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Golden State Warriors Must Attempt to Re-Acquire Lottery Pick in 2012 NBA Draft

OAKLAND, CA - JANUARY 19:   Golden State Warriors co-owner Joe Lacob and Nicole Curran (behind him) watch the Warriors play the Indiana Pacers at Oracle Arena on January 19, 2011 in Oakland, California.  NOTE TO USER: User expressly acknowledges and agrees that, by downloading and or using this photograph, User is consenting to the terms and conditions of the Getty Images License Agreement.  (Photo by Ezra Shaw/Getty Images)
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Scott SemmlerAnalyst IINovember 18, 2016

The Golden State Warriors have reportedly been in talks with the Utah Jazz in regards to getting their first-round pick back for the 2012 NBA Draft.

Owner Joe Lacob said the team is confident they can re-acquire that pick and have been working with the Jazz for the last few months on a proposed deal.

The pick is the property of the Jazz (via New Jersey Nets) now, after the Warriors acquired Marcus Williams from the Nets in exchange for a conditional first-round draft pick.

The terms of a conditional draft pick are confusing, but the main point to understand is that the Warriors only re-acquire the pick if they finish with one of the top-7 picks in the 2012 NBA Draft.  Any pick after means the pick belongs to the Jazz.

However, this is a serious situation for the Warriors, one that Lacob knows can shape this team for the future.

Literally one day after he was booed by his own team's fans, Lacob is attempting to re-acquire a draft pick that he had no involvement in trading away.  It is not his mess, yet he is the one cleaning it up.

Where is Marcus Williams anyway?  And whoever thought that he was good enough to trade a first-round pick for?

The Chris Cohan regime, that's who.

Years later, he is still causing this franchise heartache.

The draft pick is significant in many ways for the Warriors.  The first is that the 2012 NBA Draft is perceived to be one of the deepest drafts in the last several years.  The players predicted to be selected within the first five picks of the draft are potentially franchise-type players with the ability to lead a team with the amount of talent they have.

Second, the Warriors need another lottery pick player that can help boost this team's talent on the roster.  The Monta Ellis trade for Andrew Bogut took a whole lot out of this team offensively, and a scorer within the first 10 picks of the draft could be useful in rounding out this team for next season.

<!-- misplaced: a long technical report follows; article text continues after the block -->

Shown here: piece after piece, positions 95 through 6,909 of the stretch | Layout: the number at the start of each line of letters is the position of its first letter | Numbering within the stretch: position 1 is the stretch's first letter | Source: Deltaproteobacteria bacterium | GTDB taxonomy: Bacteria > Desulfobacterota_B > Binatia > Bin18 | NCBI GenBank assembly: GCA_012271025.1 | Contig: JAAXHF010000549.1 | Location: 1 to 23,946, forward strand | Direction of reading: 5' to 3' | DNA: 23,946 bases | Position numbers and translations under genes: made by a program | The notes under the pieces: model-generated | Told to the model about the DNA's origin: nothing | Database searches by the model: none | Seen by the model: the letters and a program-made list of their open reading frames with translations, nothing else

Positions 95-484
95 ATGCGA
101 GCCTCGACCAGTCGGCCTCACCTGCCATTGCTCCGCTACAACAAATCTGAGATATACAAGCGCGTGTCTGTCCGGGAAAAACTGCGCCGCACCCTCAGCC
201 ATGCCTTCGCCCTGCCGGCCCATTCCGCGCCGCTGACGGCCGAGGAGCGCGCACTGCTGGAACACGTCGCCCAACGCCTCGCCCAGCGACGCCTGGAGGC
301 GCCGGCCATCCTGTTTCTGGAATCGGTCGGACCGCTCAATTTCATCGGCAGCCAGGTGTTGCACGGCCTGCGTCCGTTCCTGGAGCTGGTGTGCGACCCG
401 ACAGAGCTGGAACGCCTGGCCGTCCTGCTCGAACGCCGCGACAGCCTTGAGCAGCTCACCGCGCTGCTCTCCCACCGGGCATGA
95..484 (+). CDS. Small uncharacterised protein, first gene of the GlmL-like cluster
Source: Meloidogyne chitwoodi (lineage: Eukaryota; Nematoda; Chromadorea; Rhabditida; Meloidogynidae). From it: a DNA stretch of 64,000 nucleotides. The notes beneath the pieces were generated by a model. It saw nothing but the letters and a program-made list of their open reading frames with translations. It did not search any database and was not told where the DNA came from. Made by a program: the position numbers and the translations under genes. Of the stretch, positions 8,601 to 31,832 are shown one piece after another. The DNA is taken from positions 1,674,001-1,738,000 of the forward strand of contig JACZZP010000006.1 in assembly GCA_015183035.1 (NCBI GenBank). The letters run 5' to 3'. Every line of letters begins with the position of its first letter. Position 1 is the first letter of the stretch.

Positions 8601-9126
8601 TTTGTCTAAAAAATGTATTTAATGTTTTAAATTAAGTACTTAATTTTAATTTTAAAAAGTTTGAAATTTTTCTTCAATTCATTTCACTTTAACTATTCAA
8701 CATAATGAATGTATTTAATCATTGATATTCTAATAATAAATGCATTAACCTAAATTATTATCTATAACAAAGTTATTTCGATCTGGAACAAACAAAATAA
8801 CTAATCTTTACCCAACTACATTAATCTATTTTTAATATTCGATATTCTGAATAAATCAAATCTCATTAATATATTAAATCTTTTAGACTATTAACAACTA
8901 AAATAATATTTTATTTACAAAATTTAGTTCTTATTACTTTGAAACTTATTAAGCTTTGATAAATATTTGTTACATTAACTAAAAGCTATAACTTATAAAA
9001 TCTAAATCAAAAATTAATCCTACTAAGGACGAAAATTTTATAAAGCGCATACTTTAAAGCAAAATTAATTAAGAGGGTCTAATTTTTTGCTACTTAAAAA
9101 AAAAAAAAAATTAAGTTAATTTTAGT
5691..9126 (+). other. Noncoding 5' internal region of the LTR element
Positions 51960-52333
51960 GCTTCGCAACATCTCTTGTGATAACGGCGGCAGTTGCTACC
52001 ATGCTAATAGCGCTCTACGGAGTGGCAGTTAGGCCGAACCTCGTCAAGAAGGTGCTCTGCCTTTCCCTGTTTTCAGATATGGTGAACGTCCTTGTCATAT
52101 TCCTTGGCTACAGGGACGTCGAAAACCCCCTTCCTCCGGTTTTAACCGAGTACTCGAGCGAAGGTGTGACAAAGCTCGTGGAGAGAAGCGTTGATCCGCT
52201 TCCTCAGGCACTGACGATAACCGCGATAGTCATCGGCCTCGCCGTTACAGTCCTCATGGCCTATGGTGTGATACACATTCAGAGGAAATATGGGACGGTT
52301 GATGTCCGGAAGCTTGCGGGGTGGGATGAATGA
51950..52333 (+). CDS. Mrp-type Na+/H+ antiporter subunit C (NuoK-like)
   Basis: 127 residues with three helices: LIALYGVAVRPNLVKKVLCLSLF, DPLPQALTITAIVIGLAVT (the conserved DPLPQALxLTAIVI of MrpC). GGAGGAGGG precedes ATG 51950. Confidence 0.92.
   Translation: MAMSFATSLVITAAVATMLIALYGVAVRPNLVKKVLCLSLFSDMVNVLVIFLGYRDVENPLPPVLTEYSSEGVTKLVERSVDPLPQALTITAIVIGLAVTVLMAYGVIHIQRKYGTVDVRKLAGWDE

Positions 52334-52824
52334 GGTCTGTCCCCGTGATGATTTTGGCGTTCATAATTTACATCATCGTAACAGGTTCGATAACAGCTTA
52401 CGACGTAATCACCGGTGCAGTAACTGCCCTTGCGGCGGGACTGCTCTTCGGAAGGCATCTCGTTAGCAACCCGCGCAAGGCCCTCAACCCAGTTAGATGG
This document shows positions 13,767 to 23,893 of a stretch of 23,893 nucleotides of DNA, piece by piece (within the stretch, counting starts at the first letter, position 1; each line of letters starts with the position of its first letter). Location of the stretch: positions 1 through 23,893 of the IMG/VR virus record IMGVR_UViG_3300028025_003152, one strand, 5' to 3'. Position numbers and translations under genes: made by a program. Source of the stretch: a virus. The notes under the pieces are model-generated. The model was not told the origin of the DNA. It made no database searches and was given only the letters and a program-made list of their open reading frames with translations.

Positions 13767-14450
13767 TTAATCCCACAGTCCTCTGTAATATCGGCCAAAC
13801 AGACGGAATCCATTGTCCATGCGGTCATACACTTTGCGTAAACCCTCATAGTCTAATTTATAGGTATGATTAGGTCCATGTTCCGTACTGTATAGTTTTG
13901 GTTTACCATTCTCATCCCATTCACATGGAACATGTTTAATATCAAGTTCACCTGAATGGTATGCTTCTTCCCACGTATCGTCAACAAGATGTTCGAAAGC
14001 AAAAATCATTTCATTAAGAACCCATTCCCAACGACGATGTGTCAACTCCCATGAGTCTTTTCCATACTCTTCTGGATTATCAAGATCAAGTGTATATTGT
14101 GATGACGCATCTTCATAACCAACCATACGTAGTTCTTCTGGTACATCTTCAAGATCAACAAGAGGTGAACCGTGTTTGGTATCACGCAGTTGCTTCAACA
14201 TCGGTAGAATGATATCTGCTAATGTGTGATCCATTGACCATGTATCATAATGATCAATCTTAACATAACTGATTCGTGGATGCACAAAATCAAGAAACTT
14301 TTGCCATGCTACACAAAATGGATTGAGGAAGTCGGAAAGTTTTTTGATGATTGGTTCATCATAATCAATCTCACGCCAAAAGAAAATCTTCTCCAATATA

Lacob knows that, or has been told how much this team needs a pick like this.  It may have even played into the logistics of trading a player like Ellis for an injured center that is likely out for the rest of the season.  Lacob never said the ownership wanted this team to tank for the rest of the season, but it was made particularly clear through that trade.

The best thing is that Lacob and the Warriors' front office are determined to make this happen and re-acquire that lost pick, even saying on Tuesday, "We think we can get our pick back." Even better, Golden State may have the goods to complete a trade between them and the Jazz.

The Warriors acquired a first-round pick of their own in the Richard Jefferson deal with the San Antonio Spurs, and they also have two second round picks in their back pocket.

Contra Costa Times' Marcus Thompson III said the Warriors have no need for any more young players on their roster, so adding those additional draft picks would be of no use to them anyways.

Of course, we will not know the entirety of the probable trade discussions nor the destination of the draft pick until May, which is when we are sure to see some kind of a deal go down between the two teams. 

A deal sending the Warriors' three 2012 draft picks and a boat-load of cash to the Jazz could pull this trade off.  The Jazz do not need another young player on their team either; however, this is a draft class for the ages.  If Lacob can pull one over on Utah, they might just save next season and set this franchise up for years to come.

If you like this article, check out my Bay Area Sports Talk blog

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